Ezra Klein’s Monday article in Vox addressed race in politics, comparing the election of Barack Obama with the election of Donald Trump. It was longer and more nuanced than most of what is published there, but still missed the major point.
The changes in the way race plays into national politics are not a reaction to Obama. They are a reaction to the world progressives built and are still building, a world that has seen the Left’s default position go from aspiring toward color-blindness to one of grievance-nursing along every possible intersectional axis. The political world that gave us Trump is different than the one that gave us Obama, but the difference is of the Left’s own making.
Demographics Aren’t Destiny
Klein begins with the latest version of the demographics-as-destiny argument. That theory was popularized in John Judis and Ruy Teixeira’s 2002 book, “The Emerging Democratic Majority,” and used to run something like this: as immigration from places other than Europe shifts America’s demographics, the percentage of non-white voters will rise. These voters will vote Democratic with the same uniformity as black Americans currently do, and their votes will eventually be so numerous that they will reduce the Republican Party to a permanent second place.
The next election after Judis and Teixeira’s book debuted was George W. Bush’s electoral and popular vote majority, but theories in the political world are not derailed by mere events. Demographics-as-destiny adherents focused on the “emerging” part of the title and held out hope for the day their favored politicians would win simply by existing and America would become a California writ large. Obama’s 2008 election and somewhat reduced majority in 2012 maintained the fiction, and things looked bright for the Left.
Trump’s election in 2016 changed that, as it changed nearly every working theory of American politics. Writers like Klein did not waver in their belief that Republicans would soon be swamped by numbers of unflinching Democratic voters, but added a corollary: before the apotheosis of progressivism, there would be rear-guard action by the forces of reaction. The ever-racist whites would hold off the forces of goodness and decency until even greater numbers finally swamped them. That, in brief, is the subject of Klein’s latest article.
From Facts To Faction
But even before Trump’s refutation of the theory, there was a shift in the demographics argument’s delivery. The original idea involved political scientists looking at numbers, extrapolating them into the future, and saying what they thought it would mean for the country.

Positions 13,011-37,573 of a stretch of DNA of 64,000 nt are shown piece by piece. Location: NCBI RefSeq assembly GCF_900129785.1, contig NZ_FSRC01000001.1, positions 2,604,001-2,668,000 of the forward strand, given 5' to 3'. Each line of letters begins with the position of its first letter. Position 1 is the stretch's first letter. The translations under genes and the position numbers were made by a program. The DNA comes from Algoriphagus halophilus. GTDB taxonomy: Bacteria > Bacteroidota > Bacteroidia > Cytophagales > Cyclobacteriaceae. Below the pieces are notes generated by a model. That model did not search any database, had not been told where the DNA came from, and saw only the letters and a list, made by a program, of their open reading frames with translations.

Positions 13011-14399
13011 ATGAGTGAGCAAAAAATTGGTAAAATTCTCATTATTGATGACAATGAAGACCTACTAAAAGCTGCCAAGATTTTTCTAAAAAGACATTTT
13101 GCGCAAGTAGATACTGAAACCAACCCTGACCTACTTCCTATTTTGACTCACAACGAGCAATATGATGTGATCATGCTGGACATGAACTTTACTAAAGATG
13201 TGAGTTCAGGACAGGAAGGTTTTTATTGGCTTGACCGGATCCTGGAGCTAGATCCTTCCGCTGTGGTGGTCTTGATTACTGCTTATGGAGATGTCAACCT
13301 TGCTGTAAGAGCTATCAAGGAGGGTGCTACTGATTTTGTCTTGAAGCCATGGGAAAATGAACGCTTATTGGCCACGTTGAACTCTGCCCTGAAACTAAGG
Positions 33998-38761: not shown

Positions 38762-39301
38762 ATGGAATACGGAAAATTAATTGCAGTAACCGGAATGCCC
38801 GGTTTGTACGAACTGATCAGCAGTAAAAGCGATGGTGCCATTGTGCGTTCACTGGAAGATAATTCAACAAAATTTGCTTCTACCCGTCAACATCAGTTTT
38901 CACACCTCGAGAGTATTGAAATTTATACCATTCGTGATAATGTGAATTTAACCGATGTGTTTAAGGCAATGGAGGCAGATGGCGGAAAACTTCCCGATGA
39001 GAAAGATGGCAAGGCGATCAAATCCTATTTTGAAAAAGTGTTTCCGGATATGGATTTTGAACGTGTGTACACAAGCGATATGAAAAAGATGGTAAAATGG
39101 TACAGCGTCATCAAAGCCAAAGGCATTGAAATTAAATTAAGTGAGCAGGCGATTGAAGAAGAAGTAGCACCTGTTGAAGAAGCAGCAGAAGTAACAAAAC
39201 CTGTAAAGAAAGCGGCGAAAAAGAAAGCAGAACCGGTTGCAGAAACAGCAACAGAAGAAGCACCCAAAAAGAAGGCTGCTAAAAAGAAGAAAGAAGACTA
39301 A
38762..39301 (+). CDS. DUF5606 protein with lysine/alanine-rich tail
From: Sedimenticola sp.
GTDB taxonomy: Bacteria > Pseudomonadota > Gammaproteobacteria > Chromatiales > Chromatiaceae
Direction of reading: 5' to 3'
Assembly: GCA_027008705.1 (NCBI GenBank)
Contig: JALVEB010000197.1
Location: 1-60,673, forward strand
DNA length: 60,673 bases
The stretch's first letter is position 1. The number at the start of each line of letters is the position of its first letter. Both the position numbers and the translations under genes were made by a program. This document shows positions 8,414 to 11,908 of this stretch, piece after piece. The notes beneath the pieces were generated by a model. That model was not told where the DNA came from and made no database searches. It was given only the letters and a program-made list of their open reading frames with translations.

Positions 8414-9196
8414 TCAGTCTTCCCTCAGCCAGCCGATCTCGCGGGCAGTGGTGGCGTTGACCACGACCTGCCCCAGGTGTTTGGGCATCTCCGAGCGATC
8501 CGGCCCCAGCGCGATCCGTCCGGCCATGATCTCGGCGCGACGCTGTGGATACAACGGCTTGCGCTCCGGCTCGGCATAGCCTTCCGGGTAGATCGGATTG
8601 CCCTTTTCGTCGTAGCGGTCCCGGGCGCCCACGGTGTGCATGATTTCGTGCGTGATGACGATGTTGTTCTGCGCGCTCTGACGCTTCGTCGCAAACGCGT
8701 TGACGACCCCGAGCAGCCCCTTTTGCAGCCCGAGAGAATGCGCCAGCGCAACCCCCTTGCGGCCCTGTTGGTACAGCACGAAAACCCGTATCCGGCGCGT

It is not wrong to say these things; facts are facts, trends can be predicted based on them. But the underlying premise should make Americans a little uneasy. People vote as individuals, but progressives too often see them only as groups, the sum of their intersections. The demographic argument suggests that DNA determines our votes more than free will does, in a weird secular pre-destinationism.
The tenor of that argument changed as 2016’s election approached. Neutral recitation of the facts gave way in some writers’ work to gleeful anticipation of white people’s diminution. As the intersectional movement moved from academia to mainstream, some on the far-left dropped the powerful liberal idea of color-blind equality in favor of a system of permanent conflict between races, religions, ethnicities, and classes. All differences were deemed vectors of oppression, and the cause of it all was white people.
Articles of this sort abounded, as in like a 2015 work from Salon (“White guys are killing us”) or a 2016 article from the Huffington Post (“Democrats Don’t Need White Men to Win”). One might argue that these outlets are not the arbiters of mainstream opinion, but one of the leveling effects of the Internet is that any article can go viral.
Establishment lefties might have kept the triumphal attitude out of their pieces, but that discretion did not extend to all corners of their coalition. Since the election, things have only gotten crazier. When these articles and others like them spread through social media, that spirit of ugly, factional, demographic-inspired triumph signaled to left-leaning voters that this sort of open distaste for a large segment of the population was acceptable.
It’s Not Just Demographic Displacement